1740 - Oare House

Oare House is a Grade I listed house in Oare, Wiltshire, England.

Oare House was built in 1740 for the London wine merchant Henry Deacon.

Oare House, 2010

In the late C18, under the ownership of Maurice Hiller, the House had formal gardens, an avenue of Lime Trees, a summerhouse, and a large plantation (Andrews and Drury, 1773).

In the C19, under the ownership of the Goodman family, the House was altered and the C18 park was gradually sold off (Enclosure map, 1803; Tithe map, 1839), but the C18 avenue and walled gardens and pleasure grounds were retained.

By 1893, Oare House and its grounds had fallen into disrepair and the property was sold that same year, though not at the July Auction. (See sale transcript). A succession of different owners subsequently purchased the estate.

Oare House was purchased in 1920 by Sir Geoffrey Fry, private secretary to Bonar Law and Stanley Baldwin. He was a director of J. S. Fry & Sons, the British chocolate company. He married Alathea Gardner, the second daughter of Lord Burghclere, and they had one child, (Ann) Jennifer Evelyn Elizabeth Fry (1916–2003), who married the poet Alan Ross. Oare House in Wiltshire was his home for the next forty years.

Sir Geoffrey Fry commissioned the architect, landscape architect, planner, and writer Sir Bertram Clough Williams-Ellis (1883-1978). Between 1921 and 1925, Williams-Ellis designed two new wings for the house as well as various outbuildings, and he also advised on the layout of new formal gardens set within the existing C18 walled gardens, for which he designed various features (CL 1928).

During the Second World War, the War Cabinet used Oare House for secret meetings. In 1970 the House and grounds were bought by Sir Alexander Downer, a former Australian High Commissioner, who sold it again in 1975.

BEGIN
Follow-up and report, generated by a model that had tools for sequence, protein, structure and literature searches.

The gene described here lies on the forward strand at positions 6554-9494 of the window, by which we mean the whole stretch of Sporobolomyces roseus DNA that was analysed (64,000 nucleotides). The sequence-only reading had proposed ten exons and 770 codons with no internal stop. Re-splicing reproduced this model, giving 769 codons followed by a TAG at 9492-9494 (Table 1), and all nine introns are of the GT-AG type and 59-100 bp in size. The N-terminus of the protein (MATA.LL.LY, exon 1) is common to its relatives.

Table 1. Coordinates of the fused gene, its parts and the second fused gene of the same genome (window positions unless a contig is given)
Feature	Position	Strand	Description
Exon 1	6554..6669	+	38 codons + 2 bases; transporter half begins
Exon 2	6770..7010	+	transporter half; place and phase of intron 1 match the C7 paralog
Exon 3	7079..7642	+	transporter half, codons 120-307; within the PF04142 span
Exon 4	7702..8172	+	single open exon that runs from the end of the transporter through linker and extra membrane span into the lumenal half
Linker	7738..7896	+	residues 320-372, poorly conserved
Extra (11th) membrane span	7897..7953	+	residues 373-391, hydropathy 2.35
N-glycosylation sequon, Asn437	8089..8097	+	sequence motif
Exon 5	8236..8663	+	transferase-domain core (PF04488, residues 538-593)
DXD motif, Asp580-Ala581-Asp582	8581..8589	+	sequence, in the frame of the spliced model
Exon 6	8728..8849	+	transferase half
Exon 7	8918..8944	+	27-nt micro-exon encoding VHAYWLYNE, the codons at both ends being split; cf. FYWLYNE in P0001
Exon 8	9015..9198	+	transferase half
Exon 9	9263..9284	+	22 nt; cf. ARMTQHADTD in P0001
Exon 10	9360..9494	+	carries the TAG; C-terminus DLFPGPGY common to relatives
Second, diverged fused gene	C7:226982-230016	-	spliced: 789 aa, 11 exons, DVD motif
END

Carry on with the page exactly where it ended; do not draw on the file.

During the War the railings seen in the image below were taken and melted down. The gates seen today replaced these at a later date.

In 1985-6 further planting schemes were undertaken in the gardens, to designs by the landscape architect Peter Coats. Part of the Lime Tree Avenue was lost in the storm of 1987, but has been replanted with mature trees so its impact is not lost.  Further trees have been added to the surrounding parkland, now repurchased by the Owner who also maintains an arboretum which boasts some very fine specimens of national significance.

The site remains (2019) in private ownership and is owned by Sir Henry Keswick.

To the west of the gardens at the end of the Western Lime Tree Avenue stands the Oare [Millenium] Pavilion, completed in 2003 and the only British building designed by I. M. Pei.


Oare House, a site of c 3.2ha, is situated along the A345 road between Pewsey and Marlborough, in the village of Oare. The ground at Oare House is generally level, with a slight rise to the north and north-east. Immediately adjacent to the south-east corner of the site stands Holy Trinity church of 1858, built on part of the former grounds of Oare House. To the west and south-west of the site, c 350m and 550m from the House respectively, lie two woodlands called North Copse and Park Copse. A long vista runs in a westerly direction from the garden west of the House through North Copse, where it is lined with lime trees. This was created in the 1920s, perhaps to evoke that shown on the 1773 plan (Debois & Beresford 1996).